The 18th round of dialogue between China and India on the festering border question will be held early next week when a Chinese delegation headed by one of the country’s senior-most diplomats head to New Delhi.
State councillor and China’s special representative (SR) Yang Jiechi will hold talks with national security adviser and India’s Special Representative, Ajit Doval, to take forward the complex and long-drawn dialogue to resolve the issue, which keeps gnawing at the apparent Sino-Indian bonhomie of recent years.
The latest round will take place after more than a year: the last round was held in February, 2014, between Yang and former NSA, Shivshankar Menon, also in New Delhi (Though Doval did visit Beijing last year as a Special Envoy in his capacity as the NSA.)
Next week’s meeting will mark Doval’s first engagement with Chinese diplomats in his fairly new capacity as the India’s SR for the border talks.
The talks, likely to be on March 23, will take place in the background of China summoning India’s ambassador in Beijing, AK Kantha, to protest Prime Minister Narendra Modi’s visit to Arunachal Pradesh in February.
Modi’s visit to Arunachal – which China claims as part of South Tibet – was brief but was enough for the government to summon Kantha and criticise the tour in strong terms.
Modi himself is expected in China in May.
It was during then PM Atal Behari Vajpayee’s China visit in 2003 that both countries had agreed to the SR-level mechanism to resolve the border question.
The resolution will follow a three-stage process: the two countries first agreed on the Guiding Principles and Political Parameters for the settlement in 2005.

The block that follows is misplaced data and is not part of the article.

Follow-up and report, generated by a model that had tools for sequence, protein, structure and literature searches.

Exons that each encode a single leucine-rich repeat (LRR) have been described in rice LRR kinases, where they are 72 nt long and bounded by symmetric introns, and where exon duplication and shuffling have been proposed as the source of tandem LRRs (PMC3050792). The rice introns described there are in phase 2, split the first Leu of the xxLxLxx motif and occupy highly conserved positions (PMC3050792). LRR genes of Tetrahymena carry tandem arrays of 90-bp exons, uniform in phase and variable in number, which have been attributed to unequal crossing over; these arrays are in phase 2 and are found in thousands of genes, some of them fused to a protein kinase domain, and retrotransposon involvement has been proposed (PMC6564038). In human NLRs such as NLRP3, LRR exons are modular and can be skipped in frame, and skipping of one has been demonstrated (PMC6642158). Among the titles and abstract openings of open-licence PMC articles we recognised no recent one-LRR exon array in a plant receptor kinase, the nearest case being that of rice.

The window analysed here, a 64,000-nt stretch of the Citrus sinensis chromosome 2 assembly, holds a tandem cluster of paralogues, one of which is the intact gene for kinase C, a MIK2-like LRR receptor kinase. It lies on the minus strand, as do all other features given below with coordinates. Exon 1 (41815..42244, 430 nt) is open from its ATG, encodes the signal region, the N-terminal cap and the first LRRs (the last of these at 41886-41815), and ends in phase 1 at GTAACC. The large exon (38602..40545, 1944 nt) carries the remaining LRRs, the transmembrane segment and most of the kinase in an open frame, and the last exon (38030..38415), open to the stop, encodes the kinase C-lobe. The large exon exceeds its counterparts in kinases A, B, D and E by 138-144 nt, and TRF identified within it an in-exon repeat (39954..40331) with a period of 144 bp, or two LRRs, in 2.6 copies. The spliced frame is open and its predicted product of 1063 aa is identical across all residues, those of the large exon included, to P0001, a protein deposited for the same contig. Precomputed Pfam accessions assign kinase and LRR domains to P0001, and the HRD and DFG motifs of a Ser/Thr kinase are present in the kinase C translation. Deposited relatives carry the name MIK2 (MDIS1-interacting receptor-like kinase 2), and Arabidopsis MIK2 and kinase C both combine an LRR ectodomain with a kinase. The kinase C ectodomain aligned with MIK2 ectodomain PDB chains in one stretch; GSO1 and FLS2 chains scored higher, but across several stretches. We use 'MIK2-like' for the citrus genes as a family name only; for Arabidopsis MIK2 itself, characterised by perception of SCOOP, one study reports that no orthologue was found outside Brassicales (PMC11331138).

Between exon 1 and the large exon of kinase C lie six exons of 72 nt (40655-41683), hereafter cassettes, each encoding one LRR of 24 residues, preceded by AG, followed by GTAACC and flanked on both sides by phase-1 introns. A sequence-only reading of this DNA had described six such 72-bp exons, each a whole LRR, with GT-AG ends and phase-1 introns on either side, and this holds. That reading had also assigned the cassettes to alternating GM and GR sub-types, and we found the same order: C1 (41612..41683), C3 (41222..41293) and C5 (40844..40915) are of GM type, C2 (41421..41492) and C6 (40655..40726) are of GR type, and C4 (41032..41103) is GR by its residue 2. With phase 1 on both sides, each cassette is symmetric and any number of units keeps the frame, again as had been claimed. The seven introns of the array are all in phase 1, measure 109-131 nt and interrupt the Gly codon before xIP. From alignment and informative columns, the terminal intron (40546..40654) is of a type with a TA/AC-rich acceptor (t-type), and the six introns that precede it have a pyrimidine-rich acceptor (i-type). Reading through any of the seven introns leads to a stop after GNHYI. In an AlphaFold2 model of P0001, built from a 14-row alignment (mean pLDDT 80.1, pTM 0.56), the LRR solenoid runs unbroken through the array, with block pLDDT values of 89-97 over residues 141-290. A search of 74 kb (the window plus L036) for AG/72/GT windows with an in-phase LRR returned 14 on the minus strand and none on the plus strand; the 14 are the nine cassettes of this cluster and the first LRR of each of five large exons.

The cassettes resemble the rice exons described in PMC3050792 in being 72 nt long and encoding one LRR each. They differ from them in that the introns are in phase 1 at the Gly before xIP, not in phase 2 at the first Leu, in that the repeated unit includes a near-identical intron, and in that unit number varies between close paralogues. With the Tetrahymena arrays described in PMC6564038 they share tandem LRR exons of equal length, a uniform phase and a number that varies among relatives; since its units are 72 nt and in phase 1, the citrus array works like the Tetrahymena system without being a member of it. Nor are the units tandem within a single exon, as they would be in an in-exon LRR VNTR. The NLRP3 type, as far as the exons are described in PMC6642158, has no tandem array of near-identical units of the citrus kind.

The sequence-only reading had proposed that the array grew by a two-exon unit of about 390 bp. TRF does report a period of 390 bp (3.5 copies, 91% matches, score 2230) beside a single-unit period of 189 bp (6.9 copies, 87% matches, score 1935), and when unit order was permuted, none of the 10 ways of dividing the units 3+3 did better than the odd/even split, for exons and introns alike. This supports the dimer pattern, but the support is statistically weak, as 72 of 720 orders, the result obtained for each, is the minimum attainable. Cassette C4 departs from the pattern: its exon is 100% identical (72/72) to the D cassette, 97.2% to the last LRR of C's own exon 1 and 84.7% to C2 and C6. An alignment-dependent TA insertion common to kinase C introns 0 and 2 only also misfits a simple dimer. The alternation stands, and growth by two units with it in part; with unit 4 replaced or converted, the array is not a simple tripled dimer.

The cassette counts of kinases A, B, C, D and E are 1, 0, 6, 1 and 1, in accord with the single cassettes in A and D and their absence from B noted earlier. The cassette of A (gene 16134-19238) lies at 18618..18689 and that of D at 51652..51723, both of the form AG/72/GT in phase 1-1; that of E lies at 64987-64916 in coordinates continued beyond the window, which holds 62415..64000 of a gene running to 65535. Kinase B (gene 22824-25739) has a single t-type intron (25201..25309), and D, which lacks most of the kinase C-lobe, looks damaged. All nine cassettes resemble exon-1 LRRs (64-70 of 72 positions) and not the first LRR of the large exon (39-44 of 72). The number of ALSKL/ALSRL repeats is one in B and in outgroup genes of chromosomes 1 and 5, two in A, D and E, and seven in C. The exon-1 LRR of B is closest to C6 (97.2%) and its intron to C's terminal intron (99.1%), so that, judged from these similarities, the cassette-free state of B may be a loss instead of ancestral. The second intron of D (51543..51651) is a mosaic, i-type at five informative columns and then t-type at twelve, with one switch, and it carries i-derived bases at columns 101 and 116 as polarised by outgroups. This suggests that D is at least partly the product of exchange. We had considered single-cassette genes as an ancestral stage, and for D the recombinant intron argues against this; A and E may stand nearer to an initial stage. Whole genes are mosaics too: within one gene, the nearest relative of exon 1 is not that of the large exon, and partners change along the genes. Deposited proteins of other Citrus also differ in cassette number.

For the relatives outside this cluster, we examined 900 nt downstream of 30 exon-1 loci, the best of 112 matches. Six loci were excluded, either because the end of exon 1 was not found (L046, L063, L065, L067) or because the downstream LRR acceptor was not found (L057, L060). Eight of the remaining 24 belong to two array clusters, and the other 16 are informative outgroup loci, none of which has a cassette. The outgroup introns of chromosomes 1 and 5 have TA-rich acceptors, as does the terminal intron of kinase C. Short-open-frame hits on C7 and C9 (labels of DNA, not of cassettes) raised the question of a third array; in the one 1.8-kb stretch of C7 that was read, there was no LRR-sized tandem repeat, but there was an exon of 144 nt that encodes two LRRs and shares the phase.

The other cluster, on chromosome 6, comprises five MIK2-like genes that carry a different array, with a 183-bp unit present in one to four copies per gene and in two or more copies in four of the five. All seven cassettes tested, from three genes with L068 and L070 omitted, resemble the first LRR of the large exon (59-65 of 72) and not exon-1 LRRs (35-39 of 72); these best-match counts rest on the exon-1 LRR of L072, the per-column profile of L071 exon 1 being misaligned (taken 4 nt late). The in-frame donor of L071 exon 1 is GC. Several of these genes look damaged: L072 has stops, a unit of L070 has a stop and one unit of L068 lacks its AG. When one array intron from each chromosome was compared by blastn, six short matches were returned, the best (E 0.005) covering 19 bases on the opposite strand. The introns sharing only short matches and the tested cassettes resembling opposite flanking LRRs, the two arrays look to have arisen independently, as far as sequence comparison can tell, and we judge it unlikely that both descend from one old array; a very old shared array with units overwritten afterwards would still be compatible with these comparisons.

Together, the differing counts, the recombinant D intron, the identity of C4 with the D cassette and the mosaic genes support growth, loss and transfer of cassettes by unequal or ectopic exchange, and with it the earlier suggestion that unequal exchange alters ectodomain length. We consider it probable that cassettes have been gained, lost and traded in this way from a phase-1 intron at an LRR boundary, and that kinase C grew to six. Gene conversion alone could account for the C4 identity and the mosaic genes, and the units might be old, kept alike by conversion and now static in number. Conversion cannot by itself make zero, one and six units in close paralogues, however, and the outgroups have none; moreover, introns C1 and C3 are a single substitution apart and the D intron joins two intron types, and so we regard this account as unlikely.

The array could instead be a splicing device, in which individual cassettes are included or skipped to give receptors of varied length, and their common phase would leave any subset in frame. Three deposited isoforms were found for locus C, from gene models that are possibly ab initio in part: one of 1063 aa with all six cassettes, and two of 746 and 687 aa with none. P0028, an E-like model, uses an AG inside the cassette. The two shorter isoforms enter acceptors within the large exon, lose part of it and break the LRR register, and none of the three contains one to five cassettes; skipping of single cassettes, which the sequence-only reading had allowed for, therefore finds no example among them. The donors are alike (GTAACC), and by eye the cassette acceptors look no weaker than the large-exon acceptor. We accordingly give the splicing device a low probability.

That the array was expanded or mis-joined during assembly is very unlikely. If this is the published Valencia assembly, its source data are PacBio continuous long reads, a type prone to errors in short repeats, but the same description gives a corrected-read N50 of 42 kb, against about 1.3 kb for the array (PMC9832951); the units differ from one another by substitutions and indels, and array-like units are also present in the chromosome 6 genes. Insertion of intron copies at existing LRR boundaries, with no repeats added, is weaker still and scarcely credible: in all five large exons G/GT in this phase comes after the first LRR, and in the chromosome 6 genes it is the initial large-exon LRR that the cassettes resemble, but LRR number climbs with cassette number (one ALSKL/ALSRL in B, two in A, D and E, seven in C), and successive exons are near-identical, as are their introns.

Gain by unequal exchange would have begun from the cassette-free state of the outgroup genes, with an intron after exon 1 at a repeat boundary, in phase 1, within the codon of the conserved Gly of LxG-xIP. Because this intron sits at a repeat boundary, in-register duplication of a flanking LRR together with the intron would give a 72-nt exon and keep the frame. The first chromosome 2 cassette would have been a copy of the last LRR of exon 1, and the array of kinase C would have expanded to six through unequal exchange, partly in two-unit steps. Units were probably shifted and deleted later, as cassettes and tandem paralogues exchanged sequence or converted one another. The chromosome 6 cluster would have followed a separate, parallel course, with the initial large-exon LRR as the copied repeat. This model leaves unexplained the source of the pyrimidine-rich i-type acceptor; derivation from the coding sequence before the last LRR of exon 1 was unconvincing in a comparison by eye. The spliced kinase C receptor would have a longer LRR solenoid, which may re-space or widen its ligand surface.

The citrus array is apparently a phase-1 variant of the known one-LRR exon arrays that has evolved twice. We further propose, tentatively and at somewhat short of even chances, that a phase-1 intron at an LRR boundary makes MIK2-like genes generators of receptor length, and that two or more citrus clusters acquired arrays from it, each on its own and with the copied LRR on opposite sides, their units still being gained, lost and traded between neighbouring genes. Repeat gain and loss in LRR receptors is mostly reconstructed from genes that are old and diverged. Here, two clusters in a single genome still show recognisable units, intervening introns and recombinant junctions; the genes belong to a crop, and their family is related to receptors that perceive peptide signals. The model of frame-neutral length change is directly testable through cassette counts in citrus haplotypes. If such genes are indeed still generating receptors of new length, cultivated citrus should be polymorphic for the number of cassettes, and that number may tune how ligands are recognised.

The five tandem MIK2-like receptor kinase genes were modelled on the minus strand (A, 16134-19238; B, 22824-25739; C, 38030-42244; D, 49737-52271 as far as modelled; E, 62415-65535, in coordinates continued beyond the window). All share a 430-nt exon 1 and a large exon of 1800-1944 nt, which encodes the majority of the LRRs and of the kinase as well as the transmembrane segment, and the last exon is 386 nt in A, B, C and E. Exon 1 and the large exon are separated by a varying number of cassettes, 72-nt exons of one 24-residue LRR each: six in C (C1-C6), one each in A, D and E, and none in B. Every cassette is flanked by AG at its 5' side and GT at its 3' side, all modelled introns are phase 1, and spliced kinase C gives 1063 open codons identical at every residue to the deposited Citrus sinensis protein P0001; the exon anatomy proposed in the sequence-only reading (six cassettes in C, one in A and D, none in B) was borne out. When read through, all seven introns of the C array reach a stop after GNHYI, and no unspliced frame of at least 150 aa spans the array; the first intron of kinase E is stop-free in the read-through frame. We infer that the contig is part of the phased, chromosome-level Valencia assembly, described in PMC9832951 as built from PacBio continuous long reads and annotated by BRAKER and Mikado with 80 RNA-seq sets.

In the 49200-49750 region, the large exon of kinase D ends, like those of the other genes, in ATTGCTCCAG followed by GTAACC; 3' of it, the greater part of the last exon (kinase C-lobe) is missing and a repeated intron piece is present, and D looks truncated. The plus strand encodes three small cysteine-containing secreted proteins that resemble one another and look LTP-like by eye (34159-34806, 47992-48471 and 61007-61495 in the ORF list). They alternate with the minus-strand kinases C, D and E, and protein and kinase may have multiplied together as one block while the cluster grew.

The current stage is about evolving a framework to resolve the dispute. Finally, it will about marking the accepted boundary lines.
Doval and Yang last met on the sidelines of the 51st Munich Security Conference in Munich in February where both pledged to “remove disturbances” and strengthen the positive trend of China-India relations”.
“The official proposed to respect and look after each other's concerns, to push forward negotiations over boundaries, and to effectively maintain the peace and safety of border areas,” Chinese state media had reported.
But that was before Modi’s visit to Arunachal.
At the recently concluded China’s annual Parliament session in Beijing, foreign minister Wang Yi had said while talks over the border were progressing, the process was like climbing a mountain which gets tougher closer to the summit.
“After many years of hard efforts, the border talks continue to make progress, and the dispute has been brought under control,” Wang told reporters.
“At the moment, the boundary negotiation is in the process of building up small and positive developments,” Wang said, adding: “It's like climbing a mountain: the going is tough, and that is only because we are on the way up.”